Just by coincidence that day I had met a guy with whom I played basketball in high school in New York, and who was heading home at the end of his tour.  We had much to celebrate and much to catch up on.

 

So there we were in the officers' shack, two Irish Catholic kids from the suburbs of the City sitting with a rabbi from the garment district in midtown Manhattan.  We quickly learned that the rabbi was a very, very funny guy, and he got us laughing so hard our sides ached.  And the drinks kept flowing.  I had a custom of counting my drinks by pouring each new one in a separate paper cup.  That way I'd know how many gin & tonics I'd had by counting cups.

 

About 11:00 PM we heard incoming—Russian-made 122mm rockets—and we headed for the door.  I counted the number of my cups before the lights went out.  There were 16 of them.  Despite all that gin, and maybe because of all the laughter, I felt relatively sober as I ran to get my weapon, helmet and flak vest.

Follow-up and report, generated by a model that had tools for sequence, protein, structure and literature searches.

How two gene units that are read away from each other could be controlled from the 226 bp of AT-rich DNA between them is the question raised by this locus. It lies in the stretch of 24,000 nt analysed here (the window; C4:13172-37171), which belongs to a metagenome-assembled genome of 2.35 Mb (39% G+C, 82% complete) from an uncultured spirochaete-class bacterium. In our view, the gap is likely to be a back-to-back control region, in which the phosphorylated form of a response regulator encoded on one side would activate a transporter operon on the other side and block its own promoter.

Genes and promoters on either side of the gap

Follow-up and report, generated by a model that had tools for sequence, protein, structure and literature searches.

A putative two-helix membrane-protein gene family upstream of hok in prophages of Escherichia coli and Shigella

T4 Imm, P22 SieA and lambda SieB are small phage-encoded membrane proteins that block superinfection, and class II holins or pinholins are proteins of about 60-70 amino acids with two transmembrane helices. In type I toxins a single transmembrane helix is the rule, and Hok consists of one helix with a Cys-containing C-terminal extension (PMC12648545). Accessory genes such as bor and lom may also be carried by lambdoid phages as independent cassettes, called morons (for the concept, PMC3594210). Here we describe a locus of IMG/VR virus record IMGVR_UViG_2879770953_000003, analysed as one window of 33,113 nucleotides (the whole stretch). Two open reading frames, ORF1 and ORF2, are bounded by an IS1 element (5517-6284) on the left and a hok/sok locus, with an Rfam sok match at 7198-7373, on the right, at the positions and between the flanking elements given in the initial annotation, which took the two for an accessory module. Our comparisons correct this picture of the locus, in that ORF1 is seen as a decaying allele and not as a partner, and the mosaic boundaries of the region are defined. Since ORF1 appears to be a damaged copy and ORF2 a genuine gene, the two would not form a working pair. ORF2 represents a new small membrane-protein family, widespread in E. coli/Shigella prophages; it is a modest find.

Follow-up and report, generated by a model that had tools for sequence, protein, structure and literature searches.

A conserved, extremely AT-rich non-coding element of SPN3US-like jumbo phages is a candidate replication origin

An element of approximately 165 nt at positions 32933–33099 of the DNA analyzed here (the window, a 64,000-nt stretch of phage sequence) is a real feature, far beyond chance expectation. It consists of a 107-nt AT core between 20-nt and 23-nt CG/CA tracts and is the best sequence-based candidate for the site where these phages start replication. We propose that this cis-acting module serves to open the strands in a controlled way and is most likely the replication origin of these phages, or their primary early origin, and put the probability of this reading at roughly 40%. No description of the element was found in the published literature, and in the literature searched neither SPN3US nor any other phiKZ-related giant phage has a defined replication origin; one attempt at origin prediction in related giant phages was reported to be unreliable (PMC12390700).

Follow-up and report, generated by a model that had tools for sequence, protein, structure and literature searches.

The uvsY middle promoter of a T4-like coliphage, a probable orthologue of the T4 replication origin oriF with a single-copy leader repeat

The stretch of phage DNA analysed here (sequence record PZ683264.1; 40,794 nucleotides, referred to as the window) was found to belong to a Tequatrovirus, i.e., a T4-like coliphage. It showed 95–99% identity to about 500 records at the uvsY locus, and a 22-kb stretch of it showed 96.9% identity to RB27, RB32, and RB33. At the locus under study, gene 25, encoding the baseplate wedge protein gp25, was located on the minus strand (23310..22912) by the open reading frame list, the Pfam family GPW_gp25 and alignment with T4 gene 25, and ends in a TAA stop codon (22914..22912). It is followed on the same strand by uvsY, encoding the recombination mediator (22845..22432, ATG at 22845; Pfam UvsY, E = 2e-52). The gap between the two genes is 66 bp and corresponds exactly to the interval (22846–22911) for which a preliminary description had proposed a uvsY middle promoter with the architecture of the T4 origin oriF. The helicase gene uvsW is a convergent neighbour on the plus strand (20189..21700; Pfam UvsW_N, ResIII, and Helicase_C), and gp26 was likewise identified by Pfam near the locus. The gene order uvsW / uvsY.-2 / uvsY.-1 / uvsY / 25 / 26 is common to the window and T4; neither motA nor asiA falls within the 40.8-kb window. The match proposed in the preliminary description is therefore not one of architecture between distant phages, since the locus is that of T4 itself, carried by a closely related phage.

Webb had been wearing his helmet liner earlier when he entered the shack with the rabbi and he left it there when we exited the tiny building.  It was standard procedure to safeguard our liquor supply by locking the shack each night, and Webb's helmet liner was in there safely locked up with the liquor.

 

The next morning we were still on alert, which meant we had to wear helmets and keep our weapons close by.  A fellow lieutenant and I were sitting on a steel plank in front of battalion headquarters waiting for a detail to show up when we saw Webb walking up the company street. 

 

The sight of him was ripe for ridicule.  Without his helmet liner[1], Webb's very large steel helmet was bouncing loudly on his head with every step.  He was taking long, purposeful strides up the street, and the bouncing helmet and the frown on his round, bespectacled face made him look for all the world like a clown.